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    @Ben: No, there isn't any excise duty. Like everywhere else in the EU, you can cross the border to buy fuel, tobacco, alcohol, etc. at a cheaper price if the neighboring country exercises lower taxes on it. There's a whole industry around bringing UK citizens to France so they can stock up on smokes and booze. And it's not just internal to the EU either. You get the same type of effect between EU countries and its near-EU neighbors. See e.g. Andorra, where the French (and the Spanish?) regularly come to stock up on smokes and booze. – Denis de Bernardy Jun 6 at 19:32
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    There is excise duty and hence an excise border. For example the UK levies the Hydrocarbon Oil Duty. I presume Ireland has something similar (but different). There is therefore an excise border there. For example: smuggling of vehicle fuel in milk tankers to take advantage of the difference in duty regimes is a classic example. – Ben Jun 6 at 21:57
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    @Ben there's an "excise border" in the sense that on one side the gas station has to pay excise rate A and on the other side the gas station has to pay excise rate B. There isn't an "excise border" in the sense that you'd have to pay excise (or the difference in excise) for these goods on crossing the border. You don't have to smuggle vehicle fuel in milk tankers, you can bring it openly because it's fully legal to buy your fuel across the border where the excise is cheaper (you can't resell it though). Something like 20% of NI total diesel sales are brought over to Republic of Ireland. – Peteris Jun 6 at 22:33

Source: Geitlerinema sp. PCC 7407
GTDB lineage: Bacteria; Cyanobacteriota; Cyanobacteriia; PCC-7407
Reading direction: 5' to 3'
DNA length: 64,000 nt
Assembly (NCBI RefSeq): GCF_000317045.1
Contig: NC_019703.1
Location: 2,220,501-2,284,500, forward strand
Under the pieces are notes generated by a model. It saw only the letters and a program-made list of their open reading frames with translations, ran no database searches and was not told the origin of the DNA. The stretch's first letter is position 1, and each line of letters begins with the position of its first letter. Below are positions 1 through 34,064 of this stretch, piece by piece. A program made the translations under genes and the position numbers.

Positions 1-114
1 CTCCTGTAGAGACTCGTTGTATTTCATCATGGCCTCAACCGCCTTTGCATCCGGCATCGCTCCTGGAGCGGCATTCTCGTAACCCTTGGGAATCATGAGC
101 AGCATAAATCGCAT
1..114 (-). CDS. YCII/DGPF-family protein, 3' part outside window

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    @Ben also, there's no reason to hide anything because there's noone to check what you're bringing across the border, a key point of GFA was to remove border posts. It's just that at one point the road stops being maintained by one government and starts being maintained by another, and that's it, you're over the border. There may be a sign, but even that might not be guaranteed - see goo.gl/maps/gGiqpRW1uVequWPF6 for a "border crossing", without a map you wouldn't know that you've crossed it. – Peteris Jun 6 at 22:40
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    "There is no restriction on fuel for personal use so it is legal for a resident of NI to drive over the border, fill their tank and drive back." For the record, this happens everywhere in the EU where there's a difference in gas prices. Primarily around Luxembourg, Andorra, Lichtenstein, etc. – Mast Jun 7 at 11:35
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Fuel is cheaper in Ireland than in Northern Ireland. So Ireland doesn't have to do anything about it. Northern Ireland would have to do something about it, but currently seems to do nothing, even though the estimates are that it (and/or the UK) lose(s) 200 million pounds a year because of the cross-border refueling of private vehicles. And yes, there is a difference in excise; the EU stuff that amatita pointed to sets the minimum excise; member countries can impose more. And they do; data for 2017:

the excise rate in the Republic was 13% lower than in Northern Ireland for petrol and almost 30% lower for diesel.

Forecourt prices in the Republic for petrol averaged £1.13 per litre last year, 9.5p cheaper than in Northern Ireland, and diesel averaged 95p in the south, 27p lower.

Also this cross-border excise difference is not unique to Ireland vs Northern Ireland:

While the EU sets minimum excise duties under the Energy Taxation Directive, which avoids aggressive tax competition, there are no maximum rates. A comparison of excise rates across EU member states in July 2016 reveals that the highest excise rate rates for both petrol and diesel are just over twice as high as the lowest rates. The minimum diesel rate is 8.1% lower than that for petrol and the average rate across the EU is 19.5% lower than the average for petrol resulting in lower retail prices for diesel than petrol (European Commission, 2016).